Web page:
Finding your brand identity is an important part of building a memorable brand and business. But ew entrepreneurs find themselves stuck choosing fonts, colors, and logos. Can you blame them? With so many options out there, picking the right one can feel like a scary and unchangeable decision. Chelsea Blackwell is a designer and the founder of the design agency, Honey & Co. Creative. She joins Her Life By Design to answer all your burning design questions. Ready to find your unique brand identity or land freelance design clients? Let’s dive in.
Finding Your Brand Identity and Building a Design Agency
Chelsea started her design business as she fell in love with Southeast Asia. She visited Bali after graduating from university and fell in love with the culture and lifestyle. Fixated on finding her way back to Southeast Asia as soon as she returned, Chelsea wanted to pursue a life of freedom. So she decided to create a career for herself that allows her to live and travel anywhere in the world.
Chelsea discovered her love for design after taking a few design courses. And thus, her business was born as she found herself living in Thailand. Chelsea’s business has grown over the years, expanding and transitioning into the coaching and mentorship space for new freelance designers. She tackles your burning questions about branding in this episode. Starting with…
When Should You Start Focusing on Branding?
“I think it’s important to have a cohesive brand from day one. But that doesn’t mean that you have to go out and spend thousands of dollars with a designer from day one.”
This is where a lot of new entrepreneurs and business owners get confused, Chelsea explains.
“Yes, it is super valuable to have cohesive colors and cohesive fonts. But you really want to make sure that before you go out and spend a bunch of money with a designer, you know who your audience is and you know you’re what providing them.”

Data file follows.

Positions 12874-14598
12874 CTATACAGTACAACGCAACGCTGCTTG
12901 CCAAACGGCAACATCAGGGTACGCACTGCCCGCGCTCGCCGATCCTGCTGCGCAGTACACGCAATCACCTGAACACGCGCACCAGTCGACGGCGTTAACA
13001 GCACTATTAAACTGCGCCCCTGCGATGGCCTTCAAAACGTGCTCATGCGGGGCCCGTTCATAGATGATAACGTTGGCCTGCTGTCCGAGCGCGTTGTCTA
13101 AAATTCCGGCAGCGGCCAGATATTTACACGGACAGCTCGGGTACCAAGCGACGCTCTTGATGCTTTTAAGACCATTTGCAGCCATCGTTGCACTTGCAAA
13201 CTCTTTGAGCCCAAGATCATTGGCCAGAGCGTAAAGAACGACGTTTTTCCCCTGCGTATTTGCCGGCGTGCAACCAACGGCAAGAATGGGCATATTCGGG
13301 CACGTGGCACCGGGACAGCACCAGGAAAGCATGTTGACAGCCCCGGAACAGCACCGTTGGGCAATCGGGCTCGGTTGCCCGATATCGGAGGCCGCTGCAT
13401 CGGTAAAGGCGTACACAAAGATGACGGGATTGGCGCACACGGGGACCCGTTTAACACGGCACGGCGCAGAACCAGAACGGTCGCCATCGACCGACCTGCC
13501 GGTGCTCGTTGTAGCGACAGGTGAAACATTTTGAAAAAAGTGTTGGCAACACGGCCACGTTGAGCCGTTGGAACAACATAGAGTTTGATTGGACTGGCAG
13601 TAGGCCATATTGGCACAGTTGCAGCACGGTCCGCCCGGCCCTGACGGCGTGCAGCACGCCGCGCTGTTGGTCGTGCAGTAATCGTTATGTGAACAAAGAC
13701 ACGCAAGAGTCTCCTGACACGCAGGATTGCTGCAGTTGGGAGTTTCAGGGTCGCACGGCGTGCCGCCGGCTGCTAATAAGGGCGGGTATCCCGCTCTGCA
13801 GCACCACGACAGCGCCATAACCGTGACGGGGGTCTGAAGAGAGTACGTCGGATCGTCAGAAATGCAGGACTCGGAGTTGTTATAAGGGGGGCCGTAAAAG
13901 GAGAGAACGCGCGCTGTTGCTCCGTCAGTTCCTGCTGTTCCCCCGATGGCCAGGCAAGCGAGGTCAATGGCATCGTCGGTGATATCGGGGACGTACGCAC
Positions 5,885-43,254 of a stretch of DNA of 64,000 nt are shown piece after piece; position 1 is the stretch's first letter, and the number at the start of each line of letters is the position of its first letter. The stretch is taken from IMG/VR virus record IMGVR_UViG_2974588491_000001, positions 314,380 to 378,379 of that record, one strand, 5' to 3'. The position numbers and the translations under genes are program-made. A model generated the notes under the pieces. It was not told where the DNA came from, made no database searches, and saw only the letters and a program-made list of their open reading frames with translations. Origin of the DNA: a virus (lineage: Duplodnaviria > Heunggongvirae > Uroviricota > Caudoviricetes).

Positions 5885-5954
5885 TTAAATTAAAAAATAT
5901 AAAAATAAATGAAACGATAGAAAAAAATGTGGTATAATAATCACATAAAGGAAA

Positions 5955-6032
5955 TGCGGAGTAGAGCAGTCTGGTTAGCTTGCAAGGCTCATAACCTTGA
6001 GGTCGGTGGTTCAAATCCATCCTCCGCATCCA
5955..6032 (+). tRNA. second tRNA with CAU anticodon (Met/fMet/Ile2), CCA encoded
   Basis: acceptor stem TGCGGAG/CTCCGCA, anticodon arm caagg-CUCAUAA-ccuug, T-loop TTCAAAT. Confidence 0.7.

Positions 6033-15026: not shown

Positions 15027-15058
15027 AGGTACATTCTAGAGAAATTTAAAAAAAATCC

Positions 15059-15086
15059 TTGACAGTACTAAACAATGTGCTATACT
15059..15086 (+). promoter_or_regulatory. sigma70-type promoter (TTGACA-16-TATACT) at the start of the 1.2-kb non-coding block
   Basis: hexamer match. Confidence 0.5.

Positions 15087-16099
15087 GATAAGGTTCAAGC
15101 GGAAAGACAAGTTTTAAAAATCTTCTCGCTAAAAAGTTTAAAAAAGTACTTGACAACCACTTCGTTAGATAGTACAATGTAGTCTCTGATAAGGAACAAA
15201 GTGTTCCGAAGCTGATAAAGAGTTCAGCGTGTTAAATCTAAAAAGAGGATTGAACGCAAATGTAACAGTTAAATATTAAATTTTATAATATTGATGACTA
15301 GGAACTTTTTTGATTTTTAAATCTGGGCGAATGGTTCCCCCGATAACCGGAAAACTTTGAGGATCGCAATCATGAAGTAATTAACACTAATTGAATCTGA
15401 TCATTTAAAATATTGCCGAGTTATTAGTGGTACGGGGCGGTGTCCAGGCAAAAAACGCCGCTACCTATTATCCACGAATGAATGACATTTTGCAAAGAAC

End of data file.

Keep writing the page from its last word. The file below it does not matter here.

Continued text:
More important than what colors and fonts to chain yourself to, you need to have the core foundations of your business in place. You need to know who your audience is and how to speak directly to them (in order to get your messaging on point) before spending thousands on a professional designer. But don’t just take my word for it, “a beautiful logo isn’t what’s going to make or break your business. And that is coming from a professional brand designer.”
Tips for Defining Your Brand Identity
It’s best to start small when you’re first starting out. Instead of investing in a designer, start with a font you like on Creative Market and use a color palette resource like Design Seeds. DIY-ing your brand identity when you’re starting off with limited resources is a great idea. But where most DIY-ers go wrong is looking at what the competition is doing. “It’s something that I see all the time,” Chelsea shares. “People want to define their brand so the first thing they do is they look to others in their industry. And that’s the worst thing that you can do. Because how are you going to stand out if you just look the same?“
Instead, Chelsea encourages you to start with building a brand strategy. “What that means is you want to know the values that your brand stands for. Who is your target audience? Who do you want to work with? Whose lives do you want to change? What kind of people are you most excited to help? What is the difference that you are bringing to market but no one else is doing? That’s the most important part that’s called your positioning.”
That needs to come before the visual aspects of branding. Not to mention, knowing where you’re positioned in the industry will help you make an informed decision when your visual brand identity is concerned.
Approachable vs. Luxury: Design Tips for Building Both Identities